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The Dutch word for still life is "stilleven" which means arrested life - as if captured in a photograph. And in fact, modern food photography owes a great deal to the techniques pioneered by the Dutch oil painters of the seventeenth century. Those towering bouquets of flowers and exotic fruits were more sumptuous than real life. That same illusion of reality is seen today in the food art of catalogs billboards and magazines. Judith Kampfner reports.
Kampfner: Lisa Homa is a New York food stylist.
Lisa Homa: I created a little puddle of honey which is a beautiful amber color and that has some nice highlights in it.
Kampfner: A smooth oval dollop of honey. A soft light shines through it. Lisa Homa cooks and arranges food for magazine photo shoots and advertisements it looks natural but it's carefully planned. In this photo there's a waterfall of objects.
Lisa Homa: then you have a leaf which is not edible but adds a pretty texture to the plate and then something a little bit taller which is a fig and part of that is cut open which has an allure to it and that draws someone into the photo.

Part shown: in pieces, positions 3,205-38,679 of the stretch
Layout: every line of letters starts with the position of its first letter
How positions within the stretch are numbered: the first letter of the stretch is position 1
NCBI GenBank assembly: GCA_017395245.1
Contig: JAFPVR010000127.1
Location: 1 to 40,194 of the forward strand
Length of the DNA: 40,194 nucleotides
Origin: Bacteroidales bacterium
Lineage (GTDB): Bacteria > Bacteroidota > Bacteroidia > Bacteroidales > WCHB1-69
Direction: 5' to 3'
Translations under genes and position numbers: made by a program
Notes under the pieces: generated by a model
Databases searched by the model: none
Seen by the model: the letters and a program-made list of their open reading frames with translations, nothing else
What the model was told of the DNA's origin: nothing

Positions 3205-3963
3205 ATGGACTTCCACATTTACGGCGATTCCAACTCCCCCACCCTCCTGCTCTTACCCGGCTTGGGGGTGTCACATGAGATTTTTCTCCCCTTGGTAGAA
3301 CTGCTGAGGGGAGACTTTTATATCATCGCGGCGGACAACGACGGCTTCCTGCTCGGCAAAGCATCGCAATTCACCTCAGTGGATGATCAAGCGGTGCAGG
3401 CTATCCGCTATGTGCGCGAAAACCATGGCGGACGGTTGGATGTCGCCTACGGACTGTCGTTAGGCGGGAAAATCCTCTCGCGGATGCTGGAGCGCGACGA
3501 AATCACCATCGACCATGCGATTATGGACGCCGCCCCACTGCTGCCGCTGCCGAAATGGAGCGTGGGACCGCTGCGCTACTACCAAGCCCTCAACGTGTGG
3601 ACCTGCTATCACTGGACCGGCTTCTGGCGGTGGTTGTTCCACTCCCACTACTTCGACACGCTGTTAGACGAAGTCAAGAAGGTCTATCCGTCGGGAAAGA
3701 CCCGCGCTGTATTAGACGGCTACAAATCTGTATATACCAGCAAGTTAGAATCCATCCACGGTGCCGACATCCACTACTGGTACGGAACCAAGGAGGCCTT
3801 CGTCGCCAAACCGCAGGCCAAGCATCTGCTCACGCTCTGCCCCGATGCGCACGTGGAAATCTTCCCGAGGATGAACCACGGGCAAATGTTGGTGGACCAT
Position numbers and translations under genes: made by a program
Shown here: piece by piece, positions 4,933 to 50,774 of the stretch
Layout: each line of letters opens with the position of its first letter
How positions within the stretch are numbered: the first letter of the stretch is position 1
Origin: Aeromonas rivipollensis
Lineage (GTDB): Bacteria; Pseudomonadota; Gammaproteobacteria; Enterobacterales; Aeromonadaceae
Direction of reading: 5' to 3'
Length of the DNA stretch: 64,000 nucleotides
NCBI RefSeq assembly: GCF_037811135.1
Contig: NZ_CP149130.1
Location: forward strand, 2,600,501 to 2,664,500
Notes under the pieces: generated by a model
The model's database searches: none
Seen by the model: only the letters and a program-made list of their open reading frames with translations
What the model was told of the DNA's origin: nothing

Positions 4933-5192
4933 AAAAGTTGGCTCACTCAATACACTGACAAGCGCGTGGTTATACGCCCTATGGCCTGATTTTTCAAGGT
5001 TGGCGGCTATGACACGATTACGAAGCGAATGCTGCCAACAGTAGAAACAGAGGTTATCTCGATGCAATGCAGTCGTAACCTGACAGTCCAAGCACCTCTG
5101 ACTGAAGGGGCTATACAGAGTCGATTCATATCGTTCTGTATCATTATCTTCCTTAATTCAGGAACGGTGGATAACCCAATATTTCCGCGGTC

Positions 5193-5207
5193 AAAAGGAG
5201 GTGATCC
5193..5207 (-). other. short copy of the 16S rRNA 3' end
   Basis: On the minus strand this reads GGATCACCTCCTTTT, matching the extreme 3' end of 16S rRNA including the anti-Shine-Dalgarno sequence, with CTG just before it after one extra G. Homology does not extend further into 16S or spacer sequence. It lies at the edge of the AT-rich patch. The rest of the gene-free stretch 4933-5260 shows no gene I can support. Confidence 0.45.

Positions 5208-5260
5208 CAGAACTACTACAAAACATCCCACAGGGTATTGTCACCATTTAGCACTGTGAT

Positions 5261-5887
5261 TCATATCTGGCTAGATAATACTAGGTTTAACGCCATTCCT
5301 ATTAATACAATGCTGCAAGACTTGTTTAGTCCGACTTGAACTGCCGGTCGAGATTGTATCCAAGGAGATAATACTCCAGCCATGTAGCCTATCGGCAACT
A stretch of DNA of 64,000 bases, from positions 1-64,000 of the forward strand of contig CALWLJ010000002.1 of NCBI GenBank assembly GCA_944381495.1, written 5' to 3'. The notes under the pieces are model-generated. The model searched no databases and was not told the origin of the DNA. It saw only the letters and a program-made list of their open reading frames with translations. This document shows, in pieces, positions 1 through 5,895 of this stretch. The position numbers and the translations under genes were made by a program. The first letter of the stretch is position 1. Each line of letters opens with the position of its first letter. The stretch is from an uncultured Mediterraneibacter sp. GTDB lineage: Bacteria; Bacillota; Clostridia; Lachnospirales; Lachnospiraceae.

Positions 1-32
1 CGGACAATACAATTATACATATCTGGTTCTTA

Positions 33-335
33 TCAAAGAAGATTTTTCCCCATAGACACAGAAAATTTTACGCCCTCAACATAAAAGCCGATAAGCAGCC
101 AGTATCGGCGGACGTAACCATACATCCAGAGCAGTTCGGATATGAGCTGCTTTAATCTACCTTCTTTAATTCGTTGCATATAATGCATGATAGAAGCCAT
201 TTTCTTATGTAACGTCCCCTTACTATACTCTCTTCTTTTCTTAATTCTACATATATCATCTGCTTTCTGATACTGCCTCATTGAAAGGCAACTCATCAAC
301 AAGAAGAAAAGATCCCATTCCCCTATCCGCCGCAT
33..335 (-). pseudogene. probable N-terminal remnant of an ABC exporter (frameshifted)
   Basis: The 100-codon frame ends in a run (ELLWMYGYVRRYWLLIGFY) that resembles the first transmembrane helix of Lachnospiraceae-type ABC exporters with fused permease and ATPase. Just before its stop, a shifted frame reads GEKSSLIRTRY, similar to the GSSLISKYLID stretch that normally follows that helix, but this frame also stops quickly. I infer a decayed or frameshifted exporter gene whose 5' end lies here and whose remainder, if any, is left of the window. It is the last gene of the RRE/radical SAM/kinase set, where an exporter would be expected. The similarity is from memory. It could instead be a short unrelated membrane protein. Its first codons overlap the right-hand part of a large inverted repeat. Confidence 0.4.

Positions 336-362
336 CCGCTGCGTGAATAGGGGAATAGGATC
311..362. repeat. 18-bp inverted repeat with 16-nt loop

Kampfner: And the eye moves onto the linen cloth on the oak table it's restful and satisfying.
Lisa Homa: In this particular photo we did use a dark background, a charcoal or chocolate colored background. I think that is similar to what you might see in some of the seventeenth century still life painters.
Kampfner: Lisa Homa's images are of food and domestic objects captured in an exaggerated and dramatic way. Displayed against an artificial backdrop. With revelatory lighting picking up different textures. This aesthetic was pioneered by Dutch still life painters from the seventeenth century. The director of The Institute of Fine Arts at NYU Marriet Westermann comes from Holland. As a young child she found it almost impossible to believe that paint could make objects look so convincing. She later learned one device the old masters used was to put opposites together to complement them.
Marriet Westermann: If you look at a Dutch still life painting by William Claez. Heda who tended to gather together wonderful silver vessels and glass and opaque things next to translucent things; soft tablecloths next to hard metal, a lot of attention to sheen - that sort of thing always strikes me as prevalent in your average catalog for Pottery Barn or Williams Sonoma.